The IPKat thinks that there is a need for balance and fair play here, and the IAM piece (unusually) appears to have fallen short of the mark. Assuming the “vocal and well organised lobby” refers to the FFII et al (see comments on a previous post here), there appears to be some confusion over the now defunct CII (which most patent attorneys avoided like the plague, knowing it to be doomed from the start) and the EPLA (which any sensible patent attorney would see as being a good idea). Blaming patent attorneys for the lack of progress at a European level, when they have done absolutely nothing to prevent progress, but instead have on the whole actively encouraged it, is a tad unfair.

Merpel points out that, if we should be pointing the finger at anyone, some of the usual culprits may be found just over the Channel, although she is prepared to eat her words once (or if) the London agreement goes through.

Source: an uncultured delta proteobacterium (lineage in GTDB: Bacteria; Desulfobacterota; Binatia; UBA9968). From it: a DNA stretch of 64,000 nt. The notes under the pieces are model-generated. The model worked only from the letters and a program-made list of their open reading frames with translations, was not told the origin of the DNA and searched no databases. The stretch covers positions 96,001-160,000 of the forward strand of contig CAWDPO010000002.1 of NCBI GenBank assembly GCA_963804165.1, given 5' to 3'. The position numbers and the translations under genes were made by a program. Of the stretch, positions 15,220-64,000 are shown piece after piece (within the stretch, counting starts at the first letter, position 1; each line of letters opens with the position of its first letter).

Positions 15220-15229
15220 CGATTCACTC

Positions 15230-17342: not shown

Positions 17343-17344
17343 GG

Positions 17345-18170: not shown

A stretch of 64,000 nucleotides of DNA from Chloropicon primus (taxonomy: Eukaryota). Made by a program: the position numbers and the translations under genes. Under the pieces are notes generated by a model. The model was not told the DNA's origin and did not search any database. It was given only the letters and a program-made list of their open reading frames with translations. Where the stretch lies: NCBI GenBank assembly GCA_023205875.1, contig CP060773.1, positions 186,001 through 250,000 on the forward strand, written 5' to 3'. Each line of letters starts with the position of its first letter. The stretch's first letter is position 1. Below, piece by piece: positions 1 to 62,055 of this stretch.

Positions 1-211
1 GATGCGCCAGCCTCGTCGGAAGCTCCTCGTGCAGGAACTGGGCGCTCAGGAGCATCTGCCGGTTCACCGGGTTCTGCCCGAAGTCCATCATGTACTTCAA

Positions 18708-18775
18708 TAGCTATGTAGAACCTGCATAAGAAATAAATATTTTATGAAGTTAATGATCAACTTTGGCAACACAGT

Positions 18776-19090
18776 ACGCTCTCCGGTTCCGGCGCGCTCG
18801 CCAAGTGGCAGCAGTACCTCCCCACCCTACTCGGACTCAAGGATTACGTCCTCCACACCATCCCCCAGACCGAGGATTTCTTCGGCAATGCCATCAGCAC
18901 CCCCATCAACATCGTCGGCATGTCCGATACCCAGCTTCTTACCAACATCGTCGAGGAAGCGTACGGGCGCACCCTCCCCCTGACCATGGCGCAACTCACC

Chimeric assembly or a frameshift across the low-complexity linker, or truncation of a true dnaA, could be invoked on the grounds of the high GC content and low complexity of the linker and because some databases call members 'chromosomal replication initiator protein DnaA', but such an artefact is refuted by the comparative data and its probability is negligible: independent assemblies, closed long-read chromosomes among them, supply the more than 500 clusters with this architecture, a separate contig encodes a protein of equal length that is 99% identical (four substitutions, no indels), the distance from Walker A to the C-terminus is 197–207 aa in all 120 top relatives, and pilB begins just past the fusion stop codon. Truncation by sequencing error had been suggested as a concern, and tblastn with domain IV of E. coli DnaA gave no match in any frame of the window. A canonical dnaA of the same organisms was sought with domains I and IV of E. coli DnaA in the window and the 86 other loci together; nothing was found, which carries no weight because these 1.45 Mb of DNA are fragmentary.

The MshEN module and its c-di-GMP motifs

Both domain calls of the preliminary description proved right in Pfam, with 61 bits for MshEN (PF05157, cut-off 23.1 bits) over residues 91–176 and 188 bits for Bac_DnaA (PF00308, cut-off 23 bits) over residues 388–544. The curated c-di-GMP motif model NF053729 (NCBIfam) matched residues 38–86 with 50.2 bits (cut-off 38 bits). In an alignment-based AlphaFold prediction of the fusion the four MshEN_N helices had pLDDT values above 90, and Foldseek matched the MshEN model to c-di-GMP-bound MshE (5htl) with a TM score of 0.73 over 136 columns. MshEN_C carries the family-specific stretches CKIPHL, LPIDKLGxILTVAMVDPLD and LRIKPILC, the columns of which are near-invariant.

Patent attorneys to blame for world's ills Patent attorneys to blame for world's ills Reviewed by David Pearce on Thursday, February 15, 2007 Rating: 5


  1. David, not sure that i) translation income makes no difference to firm income and ii) translation work is outsourced. I know at least one large German patent attorney firm where translation into German is a big part of the turnover, and it's done by trainee patent attorneys. They know the importance of getting the translation right, and they have the technical qualifications to understand what they are translating into their native tongue. One needs to factor this into any assessment of the comment from Axel Horn.